The International Wheat Genome Sequencing Consortium (IWGSC) published in the international journal Science, reported a detailed description of the bread wheat genome sequence, the world’s most widely cultivated crop. This is a major breakthrough that can hopefully improve global food security and offer comfort to those allergic.
After 13 years of research, 200 scientists from 73 research institutions in 20 countries have finally sequenced the genome of wheat. This might not sound like a big deal, but this wasn’t so simple to crack, as wheat’s genome is five times as big as the human genome! Due to its imposing size, its three sub-genomes, and 85 percent of the genome being composed of repeated elements, sequencing the bread wheat genome was long considered an impossible task. The DNA sequence ordered along the 21 wheat chromosomes is the highest quality genome sequence produced to date for wheat.
“The wheat genome sequence lets us look inside the wheat engine,” said Rudi Appels, University of Melbourne Professor and Murdoch University Professor, and AgriBio Research Fellow. “What we see is beautifully put-together to allow for variation and adaptation to different environments through selection, as well as sufficient stability to maintain basic structures for survival under various climatic conditions.”
As a staple for food security, wheat provides for more than a third of the global human population and accounts for almost 20 percent of the total calories and protein consumed by humans worldwide. The world’s population is projected to reach 9.6 billion by 2050, and to keep up, wheat production would need to increase by 1.6 percent each year.
With the reference wheat genome sequence released, wheat breeders have at their disposal new tools to address these challenges.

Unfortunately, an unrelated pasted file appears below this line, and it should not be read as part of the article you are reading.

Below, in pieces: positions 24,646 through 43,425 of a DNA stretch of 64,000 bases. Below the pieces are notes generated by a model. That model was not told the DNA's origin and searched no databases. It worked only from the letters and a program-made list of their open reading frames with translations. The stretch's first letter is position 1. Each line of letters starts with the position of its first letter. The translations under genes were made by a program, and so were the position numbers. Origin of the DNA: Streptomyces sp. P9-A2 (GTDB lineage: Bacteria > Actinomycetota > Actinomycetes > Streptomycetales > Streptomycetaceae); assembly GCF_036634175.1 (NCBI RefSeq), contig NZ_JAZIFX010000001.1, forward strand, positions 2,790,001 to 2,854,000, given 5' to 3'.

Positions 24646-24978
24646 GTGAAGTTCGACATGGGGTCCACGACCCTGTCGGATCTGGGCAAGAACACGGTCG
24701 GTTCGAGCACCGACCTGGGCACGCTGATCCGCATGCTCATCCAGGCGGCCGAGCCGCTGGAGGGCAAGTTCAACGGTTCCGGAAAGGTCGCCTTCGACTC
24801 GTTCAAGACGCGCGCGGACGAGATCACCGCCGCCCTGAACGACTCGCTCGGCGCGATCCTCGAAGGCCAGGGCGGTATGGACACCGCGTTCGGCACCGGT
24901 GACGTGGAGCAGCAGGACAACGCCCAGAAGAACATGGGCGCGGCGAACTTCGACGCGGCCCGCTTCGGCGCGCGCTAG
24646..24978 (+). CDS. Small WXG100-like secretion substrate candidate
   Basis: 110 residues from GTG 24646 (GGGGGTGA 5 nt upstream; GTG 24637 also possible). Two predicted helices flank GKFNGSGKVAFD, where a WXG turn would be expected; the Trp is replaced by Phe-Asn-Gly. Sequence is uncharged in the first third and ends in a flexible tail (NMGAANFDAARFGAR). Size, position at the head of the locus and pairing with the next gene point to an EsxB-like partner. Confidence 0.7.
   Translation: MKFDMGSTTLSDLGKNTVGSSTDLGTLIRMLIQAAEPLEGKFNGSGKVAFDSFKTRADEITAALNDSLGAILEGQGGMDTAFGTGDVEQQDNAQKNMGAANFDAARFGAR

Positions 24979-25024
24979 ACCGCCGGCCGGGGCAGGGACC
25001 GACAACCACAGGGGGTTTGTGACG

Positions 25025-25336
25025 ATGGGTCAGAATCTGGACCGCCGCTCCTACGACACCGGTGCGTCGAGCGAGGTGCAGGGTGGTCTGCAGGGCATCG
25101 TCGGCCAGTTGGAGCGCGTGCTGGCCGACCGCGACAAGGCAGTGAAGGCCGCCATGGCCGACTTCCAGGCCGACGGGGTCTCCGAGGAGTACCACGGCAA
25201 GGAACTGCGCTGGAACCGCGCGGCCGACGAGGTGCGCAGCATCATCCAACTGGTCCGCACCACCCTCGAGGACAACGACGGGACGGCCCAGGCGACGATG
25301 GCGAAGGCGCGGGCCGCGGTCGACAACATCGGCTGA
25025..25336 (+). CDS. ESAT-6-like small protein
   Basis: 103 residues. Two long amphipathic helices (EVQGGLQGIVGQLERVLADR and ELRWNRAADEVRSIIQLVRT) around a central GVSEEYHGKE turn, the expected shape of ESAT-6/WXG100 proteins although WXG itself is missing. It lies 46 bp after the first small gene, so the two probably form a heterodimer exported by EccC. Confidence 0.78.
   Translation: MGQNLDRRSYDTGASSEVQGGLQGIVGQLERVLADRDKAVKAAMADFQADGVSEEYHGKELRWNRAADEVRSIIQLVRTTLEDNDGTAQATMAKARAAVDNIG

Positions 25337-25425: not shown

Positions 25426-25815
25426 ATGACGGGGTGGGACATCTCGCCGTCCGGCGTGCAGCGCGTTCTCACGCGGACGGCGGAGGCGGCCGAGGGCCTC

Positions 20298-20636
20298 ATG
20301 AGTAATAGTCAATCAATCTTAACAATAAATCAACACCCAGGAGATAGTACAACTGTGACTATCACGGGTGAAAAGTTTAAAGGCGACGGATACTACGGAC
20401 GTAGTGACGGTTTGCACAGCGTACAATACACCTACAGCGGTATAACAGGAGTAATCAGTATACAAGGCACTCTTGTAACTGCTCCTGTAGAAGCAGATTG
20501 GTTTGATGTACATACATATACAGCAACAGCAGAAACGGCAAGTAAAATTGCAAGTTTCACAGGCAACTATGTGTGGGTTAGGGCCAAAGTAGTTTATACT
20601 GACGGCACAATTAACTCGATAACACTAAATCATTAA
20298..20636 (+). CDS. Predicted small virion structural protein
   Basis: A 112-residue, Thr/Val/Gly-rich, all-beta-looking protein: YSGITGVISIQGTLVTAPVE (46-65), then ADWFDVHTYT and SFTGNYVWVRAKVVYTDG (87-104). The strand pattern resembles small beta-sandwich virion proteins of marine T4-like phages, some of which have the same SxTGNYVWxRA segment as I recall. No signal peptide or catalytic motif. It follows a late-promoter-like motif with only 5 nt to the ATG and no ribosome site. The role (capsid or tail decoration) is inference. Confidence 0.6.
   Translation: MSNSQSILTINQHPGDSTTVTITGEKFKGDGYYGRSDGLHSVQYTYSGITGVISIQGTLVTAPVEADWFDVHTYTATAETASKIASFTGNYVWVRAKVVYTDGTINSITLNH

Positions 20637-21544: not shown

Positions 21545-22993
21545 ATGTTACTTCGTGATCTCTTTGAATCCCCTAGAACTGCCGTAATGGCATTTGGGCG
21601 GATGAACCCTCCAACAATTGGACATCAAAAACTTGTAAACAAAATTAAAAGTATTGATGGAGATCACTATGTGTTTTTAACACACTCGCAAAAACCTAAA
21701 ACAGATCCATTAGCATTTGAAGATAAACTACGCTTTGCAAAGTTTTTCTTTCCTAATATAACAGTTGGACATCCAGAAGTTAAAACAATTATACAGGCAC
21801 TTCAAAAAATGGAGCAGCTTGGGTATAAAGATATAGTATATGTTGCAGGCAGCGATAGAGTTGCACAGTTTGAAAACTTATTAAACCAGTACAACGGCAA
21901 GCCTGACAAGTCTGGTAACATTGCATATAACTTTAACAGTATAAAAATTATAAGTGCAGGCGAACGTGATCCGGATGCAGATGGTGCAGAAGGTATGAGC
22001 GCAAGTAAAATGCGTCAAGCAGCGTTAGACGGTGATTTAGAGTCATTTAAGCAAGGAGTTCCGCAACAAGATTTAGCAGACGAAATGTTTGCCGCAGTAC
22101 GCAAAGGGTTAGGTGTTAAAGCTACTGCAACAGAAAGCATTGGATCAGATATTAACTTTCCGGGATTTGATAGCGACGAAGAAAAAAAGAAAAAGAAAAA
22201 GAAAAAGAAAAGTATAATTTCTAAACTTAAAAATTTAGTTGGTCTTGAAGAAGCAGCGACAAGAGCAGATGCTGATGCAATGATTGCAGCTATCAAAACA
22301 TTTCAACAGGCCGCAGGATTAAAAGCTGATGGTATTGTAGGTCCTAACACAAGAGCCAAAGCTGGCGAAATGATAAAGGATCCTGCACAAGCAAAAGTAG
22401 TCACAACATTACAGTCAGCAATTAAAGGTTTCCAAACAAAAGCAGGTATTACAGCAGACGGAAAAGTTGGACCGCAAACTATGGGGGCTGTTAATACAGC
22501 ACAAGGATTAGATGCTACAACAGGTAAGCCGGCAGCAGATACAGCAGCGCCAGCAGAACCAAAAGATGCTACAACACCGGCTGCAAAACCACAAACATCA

“It is a dream come true for Kansas wheat farmers, who were the first to invest in the wheat genome sequencing project and were pivotal in rallying U.S. wheat farmers in support of the wheat genome sequencing project,” said Bikram Gill, distinguished professor emeritus of plant pathology at Kansas State University. Gill was the first to organize the National Science Foundation and U.S. Department of Agriculture-sponsored workshop planning meeting on wheat genome sequencing in Washington, D.C., in 2003.
The availability of a high-quality reference genome sequence is expected to boost wheat improvement over the next few decades, with benefits similar to those observed with maize and rice after their reference sequences were produced.
In addition to the sequence of the 21 chromosomes, the report also detailed out the precise location of 107,891 genes and of more than 4 million molecular markers, as well as sequence information between the genes and markers containing the regulatory elements influencing the expression of genes.
The IWGSC achieved this result by combining the resources it generated over the last 13 years using classic physical mapping methods and the most recent DNA sequencing technologies. The sequence data were assembled and ordered along the 21 chromosomes using highly efficient algorithms, and genes were identified with dedicated software programs.
The researchers hope this knowledge will help develop wheat varieties that can withstand the dangers of rising temperatures, enhance nutritional quality, and help ensure food security for the world’s growing population.
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